What you say is right on for most work. However there are also works so amazing that one wants more of the same. If someone takes it and does something very different with it, well then they aren't giving us what we actually want. To me it's sort of like U2 getting into electronica when what I loved about them was their rock. Sometimes I don't want something different.

Candyland said...

Ahh love this! Personally, I just BE ME and hope it comes out different. That's really all we can do, I think.

Lydia K said...

I think writing is a lot like this. People say that there are no new stories; yet every writer makes a story unique. I think music is the same way!

jbchicoine said...

I like the analogy. I just think it's a good idea to be open to something new, even if the familiar feels safe and comfortable.

Holly Ruggiero said...

Great point! These are excellent examples of how different the same thing can be.

Paul Joseph said...

I love this post. I've always felt their are only a handful of concepts out there, but it's the person who captures them that brings the originality to the table. We all come from different plaes and that is reflected in any type of art - music, writing, film, etc. And with anything, there will be some who appreciate one version, and those who prefer another.

Marsha Sigman said...

Bryan, I love this post!!!

I know the concepts may be the same but when you truly find your own voice...that is what makes any story (or song) unique.

Susan Kaye Quinn said...

I second Matt's idea about archetype vs. cliche! Part of knowing that you're not imitating, even when you're running on the same road that many before you have, is by mastering the storytelling art. Then you KNOW you're doing it differently, bringing your own flavor to it.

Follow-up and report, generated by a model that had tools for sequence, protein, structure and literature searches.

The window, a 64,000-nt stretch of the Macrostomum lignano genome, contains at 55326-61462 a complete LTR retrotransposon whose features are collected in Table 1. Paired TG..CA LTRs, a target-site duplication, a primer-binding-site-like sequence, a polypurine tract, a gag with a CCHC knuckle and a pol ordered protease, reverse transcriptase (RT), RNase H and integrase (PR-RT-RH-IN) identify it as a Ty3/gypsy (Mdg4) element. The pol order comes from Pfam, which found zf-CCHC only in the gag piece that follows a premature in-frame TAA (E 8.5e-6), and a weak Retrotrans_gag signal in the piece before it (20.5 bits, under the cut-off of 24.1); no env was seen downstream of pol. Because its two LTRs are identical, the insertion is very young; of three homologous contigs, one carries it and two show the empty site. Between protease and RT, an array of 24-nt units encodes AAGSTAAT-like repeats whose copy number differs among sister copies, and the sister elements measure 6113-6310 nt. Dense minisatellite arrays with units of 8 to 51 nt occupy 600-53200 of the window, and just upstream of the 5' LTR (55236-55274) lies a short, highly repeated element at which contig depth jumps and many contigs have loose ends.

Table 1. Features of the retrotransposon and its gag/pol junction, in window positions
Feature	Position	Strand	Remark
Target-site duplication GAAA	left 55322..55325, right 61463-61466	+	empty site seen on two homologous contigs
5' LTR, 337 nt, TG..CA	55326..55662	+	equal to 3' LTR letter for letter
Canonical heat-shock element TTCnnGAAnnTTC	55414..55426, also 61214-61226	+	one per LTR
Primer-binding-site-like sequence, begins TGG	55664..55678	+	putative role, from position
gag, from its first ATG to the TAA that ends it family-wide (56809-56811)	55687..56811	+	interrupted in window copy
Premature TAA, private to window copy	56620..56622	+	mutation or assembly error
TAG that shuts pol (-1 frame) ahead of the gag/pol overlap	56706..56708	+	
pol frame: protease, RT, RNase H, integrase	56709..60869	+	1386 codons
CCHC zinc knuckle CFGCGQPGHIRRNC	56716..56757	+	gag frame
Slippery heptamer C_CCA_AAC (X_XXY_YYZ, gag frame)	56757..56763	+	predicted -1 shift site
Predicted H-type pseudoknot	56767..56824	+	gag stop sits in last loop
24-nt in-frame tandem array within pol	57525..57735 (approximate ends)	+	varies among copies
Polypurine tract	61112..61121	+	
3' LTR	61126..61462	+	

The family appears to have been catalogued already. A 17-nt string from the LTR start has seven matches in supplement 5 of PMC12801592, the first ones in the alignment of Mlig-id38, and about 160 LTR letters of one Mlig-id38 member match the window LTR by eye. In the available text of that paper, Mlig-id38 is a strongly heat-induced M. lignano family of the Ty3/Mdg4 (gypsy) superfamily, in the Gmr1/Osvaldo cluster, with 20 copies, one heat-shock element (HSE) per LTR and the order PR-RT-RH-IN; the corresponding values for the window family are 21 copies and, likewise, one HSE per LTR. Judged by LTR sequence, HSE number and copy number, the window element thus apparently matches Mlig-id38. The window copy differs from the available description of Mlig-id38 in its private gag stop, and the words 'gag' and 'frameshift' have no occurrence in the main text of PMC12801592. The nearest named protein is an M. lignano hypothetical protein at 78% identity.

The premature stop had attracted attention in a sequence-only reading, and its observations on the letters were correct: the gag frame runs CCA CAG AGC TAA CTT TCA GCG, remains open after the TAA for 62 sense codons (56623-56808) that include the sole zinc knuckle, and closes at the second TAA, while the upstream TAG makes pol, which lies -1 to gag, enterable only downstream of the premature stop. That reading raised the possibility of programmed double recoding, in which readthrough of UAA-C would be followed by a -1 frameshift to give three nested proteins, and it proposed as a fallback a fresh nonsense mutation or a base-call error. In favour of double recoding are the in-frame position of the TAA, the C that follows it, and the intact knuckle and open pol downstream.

Great post! :)

Missed Periods said...

That is an excellent comparison. Coincidentalliy, right now, I am watching the new Clash of the Titans, and, unlike the great cover songs you mentioned, this remake does nothing for me.

WritingNut said...

This is such a great analogy! You're right, it's hard to stumble upon that bright, shiny NEW idea.. chances are it's be done a million times over.

But we can bring OURSELVES to it, and add our own little touches :)

Marlene Nash-McKay said...

Thanks for the excellent analogy. In some cases even the originator is inspired to re-work his very own creation. Bob Dylan's Forever Young springs to mind. The song first appeared on his 1974 album Planet Waves - in two different versions.

D.G. Hudson said...

For a great rendition of "Ophelia", check out St. Louis native Jim Byrnes' cover of the song, and compare it to The Band's version, released in the early seventies. JTB's version is more blues grounded.

Generally I'm a purist and don't like cover songs. The unique quality only works once on most songs, by the original artist.

There are exceptions, I agree. BTW - Love the Eurythmics & Annie Lennox. No comparison for me.

Interesting post, INK.

JM Leotti said...

Great post. I've noticed this with TV episodes. Think of any season of your favorite (Bones, Supernatural, Burn Notice, House, maybe not Seinfeld, which is interesting, maybe not Northern Exposure, also interesting--then again maybe it's the same for these as well) and they seem to follow a type of formula. However, each episode is different and exciting (hopefully). The plots follow the formula, (ten minutes before the show ends House gets his "I've got it!" look, and the case is solved) but it's the particulars that make it interesting and intriguing. For me, it comes from the characters. The more particular they are, the more unique the story tends to be, which is why Hamlet might be seen in Luke Skywalker or any number of parentless characters. Thanks again for this!

maine character said...

Cool post. I love it when artists remake a song or story in such a way you love it all over again, like Dar Williams doing "Comfortably Numb."

You can hear that at one of my favorite music blogs, Cover Lay Down. It's written by a teacher in Massachusetts, and he keeps up his archives a good six months, so there's plenty to browse back through.